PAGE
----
What is Pickling?
Pickling preserves food by anaerobic (Without Oxygen) fermentation in brine or vinegar, or by canning produce in a vinegar-brine, or thirdly by wild fermentation.
Vinegar Brined Pickles vs. Naturally Fermented Pickles
Using a basic mixture of vinegar, water and salt creates a brine to pickle food and then uses home canning techniques. Foods that are pickled in vinegar brine are not fermented. Pickling using Natural Fermentation for foods with high water content is done by salting the produce to draw the water thereby creating brine. This method is used for making cabbage into sauerkraut. Naturally Fermented pickles contain healthy probiotics and beneficial live bacteria that vinegar-brined pickles won’t have. Natural fermentation requires a pickling crock or a fermentation kit.
Eating fermented foods can lead to better digestive health, save money on the grocery bill & cut down on waste.
Three Methods For Vinegar-Brine Pickling At Home are quick-pickling, salt-brine pickling, and vinegar-brine soak and rinse method.
Quick Pickles – Pack fresh produce and spices into sterilized canning jars, pour a vinegar-based pickling brine completely submerging the produce, then use the water bath canning method. Asparagus is blanched before pickling. Beets are cooked until tender and cooled before pickling. Cucumbers, carrots, cauliflower, peppers and green beans are all great candidates for quick-pickling. You will have delicious pickles ready to eat in just a few days.
Salt-Brined Method – This is used for pickling vegetables that have a high water content. Before the vegetables are packed into the canning jars, that are soaked it in a salt-vinegar brine solution to draw the water out. This allows the pickling liquid to create a better flavor, texture and shelf life. After you have salt-brined your produce, thoroughly rinse and drain it then use the ‘quick-pickling’ method.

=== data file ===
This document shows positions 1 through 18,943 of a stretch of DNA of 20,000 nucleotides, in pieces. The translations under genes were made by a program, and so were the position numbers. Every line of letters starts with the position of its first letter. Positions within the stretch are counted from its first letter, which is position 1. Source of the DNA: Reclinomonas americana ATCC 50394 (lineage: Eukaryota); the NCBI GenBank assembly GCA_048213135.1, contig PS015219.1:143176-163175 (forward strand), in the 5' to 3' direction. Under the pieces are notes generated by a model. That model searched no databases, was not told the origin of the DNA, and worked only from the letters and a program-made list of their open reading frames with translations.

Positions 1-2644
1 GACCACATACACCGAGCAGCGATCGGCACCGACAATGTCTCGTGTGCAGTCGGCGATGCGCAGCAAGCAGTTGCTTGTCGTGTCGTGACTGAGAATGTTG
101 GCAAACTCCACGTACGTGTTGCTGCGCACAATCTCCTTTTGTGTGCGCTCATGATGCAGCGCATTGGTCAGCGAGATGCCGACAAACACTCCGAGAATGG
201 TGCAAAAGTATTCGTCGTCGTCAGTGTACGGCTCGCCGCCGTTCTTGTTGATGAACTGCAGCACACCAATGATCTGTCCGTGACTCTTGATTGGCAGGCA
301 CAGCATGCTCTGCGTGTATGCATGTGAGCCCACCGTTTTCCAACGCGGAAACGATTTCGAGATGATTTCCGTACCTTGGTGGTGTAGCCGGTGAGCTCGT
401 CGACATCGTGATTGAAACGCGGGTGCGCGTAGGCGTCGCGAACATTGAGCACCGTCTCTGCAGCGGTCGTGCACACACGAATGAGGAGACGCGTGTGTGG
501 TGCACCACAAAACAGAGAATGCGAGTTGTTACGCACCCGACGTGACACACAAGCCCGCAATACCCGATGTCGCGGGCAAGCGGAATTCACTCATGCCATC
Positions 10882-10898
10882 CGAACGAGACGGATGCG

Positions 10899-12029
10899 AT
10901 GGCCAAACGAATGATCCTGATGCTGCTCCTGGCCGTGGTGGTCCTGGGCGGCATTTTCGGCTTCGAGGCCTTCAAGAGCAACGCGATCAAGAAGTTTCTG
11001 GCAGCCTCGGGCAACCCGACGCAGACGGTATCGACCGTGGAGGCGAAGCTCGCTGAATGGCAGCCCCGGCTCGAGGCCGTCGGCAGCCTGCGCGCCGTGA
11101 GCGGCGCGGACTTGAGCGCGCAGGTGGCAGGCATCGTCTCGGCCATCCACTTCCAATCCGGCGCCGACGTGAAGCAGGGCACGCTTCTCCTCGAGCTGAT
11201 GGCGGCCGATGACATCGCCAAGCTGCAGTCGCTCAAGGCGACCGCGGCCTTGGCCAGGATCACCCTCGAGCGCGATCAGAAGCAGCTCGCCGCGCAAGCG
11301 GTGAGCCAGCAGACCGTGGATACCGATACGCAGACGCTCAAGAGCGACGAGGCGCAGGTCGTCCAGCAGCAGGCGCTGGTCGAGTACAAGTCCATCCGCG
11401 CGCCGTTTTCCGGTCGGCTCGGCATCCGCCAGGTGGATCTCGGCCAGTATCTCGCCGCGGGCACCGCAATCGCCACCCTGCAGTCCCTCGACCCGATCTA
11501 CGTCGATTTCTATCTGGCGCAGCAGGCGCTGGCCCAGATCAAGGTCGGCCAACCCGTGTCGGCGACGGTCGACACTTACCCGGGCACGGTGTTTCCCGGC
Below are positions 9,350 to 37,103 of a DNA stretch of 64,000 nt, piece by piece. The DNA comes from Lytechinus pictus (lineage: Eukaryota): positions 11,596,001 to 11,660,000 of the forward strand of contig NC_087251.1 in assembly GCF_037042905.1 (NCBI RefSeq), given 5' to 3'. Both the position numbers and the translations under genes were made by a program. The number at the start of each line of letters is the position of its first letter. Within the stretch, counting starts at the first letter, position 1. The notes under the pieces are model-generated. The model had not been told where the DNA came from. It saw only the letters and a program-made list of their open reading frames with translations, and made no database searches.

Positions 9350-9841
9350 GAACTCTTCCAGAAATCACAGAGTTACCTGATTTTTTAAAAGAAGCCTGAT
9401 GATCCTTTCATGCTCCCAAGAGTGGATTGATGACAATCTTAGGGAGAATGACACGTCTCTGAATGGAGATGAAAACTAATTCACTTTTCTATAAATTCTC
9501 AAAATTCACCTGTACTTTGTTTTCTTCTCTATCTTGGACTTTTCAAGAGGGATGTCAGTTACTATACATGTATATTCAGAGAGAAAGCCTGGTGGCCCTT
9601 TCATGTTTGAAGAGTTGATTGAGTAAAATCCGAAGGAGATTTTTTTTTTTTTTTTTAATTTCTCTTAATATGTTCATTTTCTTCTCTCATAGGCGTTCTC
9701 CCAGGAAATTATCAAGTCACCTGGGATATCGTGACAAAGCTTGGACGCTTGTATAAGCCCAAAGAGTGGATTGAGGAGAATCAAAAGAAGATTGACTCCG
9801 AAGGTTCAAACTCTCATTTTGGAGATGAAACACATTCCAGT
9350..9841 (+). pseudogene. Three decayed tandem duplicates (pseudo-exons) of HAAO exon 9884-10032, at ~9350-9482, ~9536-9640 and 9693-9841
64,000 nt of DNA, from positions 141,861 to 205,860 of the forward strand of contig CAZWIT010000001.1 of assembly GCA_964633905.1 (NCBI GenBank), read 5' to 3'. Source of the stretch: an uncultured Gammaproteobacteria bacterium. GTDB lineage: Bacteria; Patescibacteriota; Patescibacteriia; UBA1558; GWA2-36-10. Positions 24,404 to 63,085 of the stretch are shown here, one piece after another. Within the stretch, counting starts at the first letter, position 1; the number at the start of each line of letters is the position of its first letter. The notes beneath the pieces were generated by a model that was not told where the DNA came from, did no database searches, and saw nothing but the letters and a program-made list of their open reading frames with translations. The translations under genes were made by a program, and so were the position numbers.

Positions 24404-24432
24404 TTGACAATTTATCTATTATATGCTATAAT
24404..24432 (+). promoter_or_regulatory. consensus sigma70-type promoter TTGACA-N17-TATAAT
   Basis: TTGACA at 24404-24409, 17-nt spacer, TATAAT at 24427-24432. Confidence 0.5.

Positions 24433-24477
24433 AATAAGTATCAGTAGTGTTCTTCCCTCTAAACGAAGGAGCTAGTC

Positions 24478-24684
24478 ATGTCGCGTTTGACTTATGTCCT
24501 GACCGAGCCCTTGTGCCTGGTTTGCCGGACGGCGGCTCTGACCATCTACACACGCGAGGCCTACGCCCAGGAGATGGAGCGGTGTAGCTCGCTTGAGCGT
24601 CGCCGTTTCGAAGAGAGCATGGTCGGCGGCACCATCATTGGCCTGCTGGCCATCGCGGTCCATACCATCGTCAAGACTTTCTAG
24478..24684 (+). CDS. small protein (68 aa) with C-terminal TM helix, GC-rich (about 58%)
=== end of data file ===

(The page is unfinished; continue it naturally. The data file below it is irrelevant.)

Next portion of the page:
Bread-and-butter pickles, kosher-style dill pickles, cabbage, zucchini, and other high-water content vegetables can be pickled using the salt-brined technique making classic tasting pickles with the flavor, crunch and shelf-life that you expect from your favorite store-bought brands.
Vinegar-Brine Soak & Rinse Method – This method draws the maximum amount of water out of the produce by soaking, draining and soaking a second time using a vinegar solution. Classic recipes like nine-day, 12-day pickles and Sweet Gherkins are common uses of the vinegar-brined method offering an unmistakable crunch, texture and flavor.
Pickling & Fermentation Supplies
Mountain Feed and Farm Supply (http://www.mountainfeed.com) has put together a handy list of pickling supply and equipment.
1) A Good Book!
The Art of Fermentation by Sandor Elix Katz is the considered the bible of fermentation books and is a must-read for any fermenter. An excellent fermentation recipe book is Real Food Fermentation by Alex Lewin.
2) Mason Jars.
1 pt., 1 qt., and 2 qt. jars with 86 mm “wide mouth” jars. These are the jars common for Mason jar canning and a great way to start fermenting in small batches. Mason jars allow small batches to test out different recipes and when your ferment is complete you can just twist on the lid and pop it in the fridge. Plus, they are clear so you have a good visual on what is going on with your recipe at all times. One of the easiest things to ferment in a mason jar is sauerkraut.
3) Good Kitchen Tools.
A stainless steel bowl, measuring spoons and cups and lots of kitchen towels. These items are essential for clean preparation and sticking to your recipe.
4) Good Pickling Salt.
Always make sure you are following all safety guidelines outlined by the USDA (https://nifa.usda.gov/press-release/usdas-complete-guide-home-canning-available) when canning anything.